The pageant of London, Volume 2 (Google eBook)

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Methuen & co., 1906 - London (England)
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Page 129 - A strange fish! Were I in England now, as once I was, and had but this fish painted, not a holiday fool there but would give a piece of silver. There would this monster make a man. Any strange beast there makes a man. When they will not give a doit to relieve a lame beggar, they will lay out ten to see a dead Indian.
Page 141 - That very time I saw, but thou couldst not, Flying between the cold moon and the earth, Cupid all arm'd : a certain aim he took At a fair vestal throned by the west, And loosed his love-shaft smartly from his bow, As it should pierce a hundred thousand hearts : But I might see young Cupid's fiery shaft Quench'd in the chaste beams of the watery moon, And the imperial votaress passed on, In maiden meditation, fancy-free.
Page 260 - Not that I speak in respect of want ; for I have learned, in whatsoever state I am, therewith to be content. I know both how to be abased, and I know how to abound : everywhere and in all things I am instructed both to be full and to be hungry, both to abound and to suffer need.
Page 168 - To lose good days, that might be better spent; To waste long nights in pensive discontent; To speed to-day, to be put back to-morrow; To feed on hope, to pine with fear and sorrow; To have thy prince's grace, yet want her peers...
Page 365 - Attending the funeral of a father could not be pleasant ; his leg extremely bad, yet forced to stand upon it near two hours ; his face bloated and distorted with his late paralytic stroke, which has affected, too, one of his eyes ; and placed over the mouth of the vault, into which in all probability he must himself so soon descend ; think how unpleasant a situation ! He bore it all with a firm and unaffected countenance.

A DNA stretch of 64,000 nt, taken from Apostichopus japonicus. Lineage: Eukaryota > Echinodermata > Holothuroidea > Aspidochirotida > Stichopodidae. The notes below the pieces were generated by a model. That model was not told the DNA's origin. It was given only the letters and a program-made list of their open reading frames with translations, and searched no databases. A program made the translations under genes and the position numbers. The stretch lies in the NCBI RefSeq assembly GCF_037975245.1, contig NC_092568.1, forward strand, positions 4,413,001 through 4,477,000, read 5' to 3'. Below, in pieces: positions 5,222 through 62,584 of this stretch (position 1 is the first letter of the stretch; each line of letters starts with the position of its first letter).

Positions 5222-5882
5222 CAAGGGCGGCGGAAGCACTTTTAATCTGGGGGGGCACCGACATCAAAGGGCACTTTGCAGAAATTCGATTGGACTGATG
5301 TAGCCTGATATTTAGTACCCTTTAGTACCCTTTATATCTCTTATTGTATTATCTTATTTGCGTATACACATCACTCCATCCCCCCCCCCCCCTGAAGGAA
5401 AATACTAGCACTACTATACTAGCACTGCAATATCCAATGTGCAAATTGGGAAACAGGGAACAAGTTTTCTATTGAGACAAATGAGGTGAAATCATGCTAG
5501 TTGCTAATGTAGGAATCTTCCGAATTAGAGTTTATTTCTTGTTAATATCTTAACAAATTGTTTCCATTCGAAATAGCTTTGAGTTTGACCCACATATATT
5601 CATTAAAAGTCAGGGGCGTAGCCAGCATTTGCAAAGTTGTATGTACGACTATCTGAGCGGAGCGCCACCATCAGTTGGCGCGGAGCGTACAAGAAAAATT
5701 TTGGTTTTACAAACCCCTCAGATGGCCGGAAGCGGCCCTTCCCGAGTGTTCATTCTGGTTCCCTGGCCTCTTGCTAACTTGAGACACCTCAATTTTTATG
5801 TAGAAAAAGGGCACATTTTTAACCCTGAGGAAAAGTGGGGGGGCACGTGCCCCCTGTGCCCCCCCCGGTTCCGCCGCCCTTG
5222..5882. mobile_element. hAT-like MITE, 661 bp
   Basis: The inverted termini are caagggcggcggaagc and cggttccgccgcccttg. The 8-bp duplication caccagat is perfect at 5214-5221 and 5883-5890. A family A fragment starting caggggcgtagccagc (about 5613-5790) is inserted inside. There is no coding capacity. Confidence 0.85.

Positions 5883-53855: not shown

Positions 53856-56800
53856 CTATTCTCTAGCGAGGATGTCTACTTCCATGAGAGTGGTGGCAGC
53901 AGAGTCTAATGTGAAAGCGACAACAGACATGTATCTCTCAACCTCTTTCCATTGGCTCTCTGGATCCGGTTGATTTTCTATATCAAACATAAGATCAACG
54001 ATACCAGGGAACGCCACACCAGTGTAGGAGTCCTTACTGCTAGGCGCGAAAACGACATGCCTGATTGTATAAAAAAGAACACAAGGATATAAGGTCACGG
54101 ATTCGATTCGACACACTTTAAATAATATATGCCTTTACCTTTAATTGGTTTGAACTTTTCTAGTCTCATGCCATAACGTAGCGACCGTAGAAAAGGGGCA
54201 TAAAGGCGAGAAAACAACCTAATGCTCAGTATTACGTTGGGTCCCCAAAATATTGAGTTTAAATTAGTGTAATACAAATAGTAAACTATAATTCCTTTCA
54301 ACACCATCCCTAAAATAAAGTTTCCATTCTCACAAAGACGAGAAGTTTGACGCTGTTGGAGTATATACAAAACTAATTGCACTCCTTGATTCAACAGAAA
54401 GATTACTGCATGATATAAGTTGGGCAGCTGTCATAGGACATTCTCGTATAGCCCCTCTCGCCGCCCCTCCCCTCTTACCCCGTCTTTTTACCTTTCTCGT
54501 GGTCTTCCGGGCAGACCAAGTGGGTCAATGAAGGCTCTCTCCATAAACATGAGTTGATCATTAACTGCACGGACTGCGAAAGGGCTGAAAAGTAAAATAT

Page 155 - London, a great number of counsellors of state, officers of the Crown, and gentlemen, who waited the Queen's coming out; which she did from her own apartment, when it was time to go to prayers...
Page 365 - Grenville, taller and older, to keep me in countenance. When we came to the chapel of Henry the Seventh, all solemnity and decorum ceased, no order was observed, people sat or stood where they could or would ; the yeomen of the guard were crying out for help, oppressed by the immense weight of the coffin ; the bishop read sadly, and blundered in the prayers ; the fine chapter, Man that is born of a woman, was chanted, not read ; and the anthem, besides being immeasureably tedious, would have...
Page 309 - ... dissoluteness, and as it were total forgetfulness of God, (it being Sunday evening,) which this day se'nnight I was witness of, the King sitting and toying with his concubines, Portsmouth, Cleveland...
Page 156 - A gentleman entered the room bearing a rod, and along with him another who had a table-cloth, which, after they had both kneeled three times with the utmost veneration, he spread upon the table, and, after kneeling again, they both retired. Then came two others, one with the rod again, the other with a salt-cellar, a plate, and bread ; when they had kneeled, as the others had done, and placed what was brought upon the table, they too retired with the same ceremonies performed by the first. A t last...
Page 155 - Her bosom was uncovered, as all the English Ladies have it till they marry : and she had on a necklace of exceeding fine jewels : her hands were small, her fingers long, and her stature neither tall nor low : her air was stately, her manner of speaking mild and obliging.

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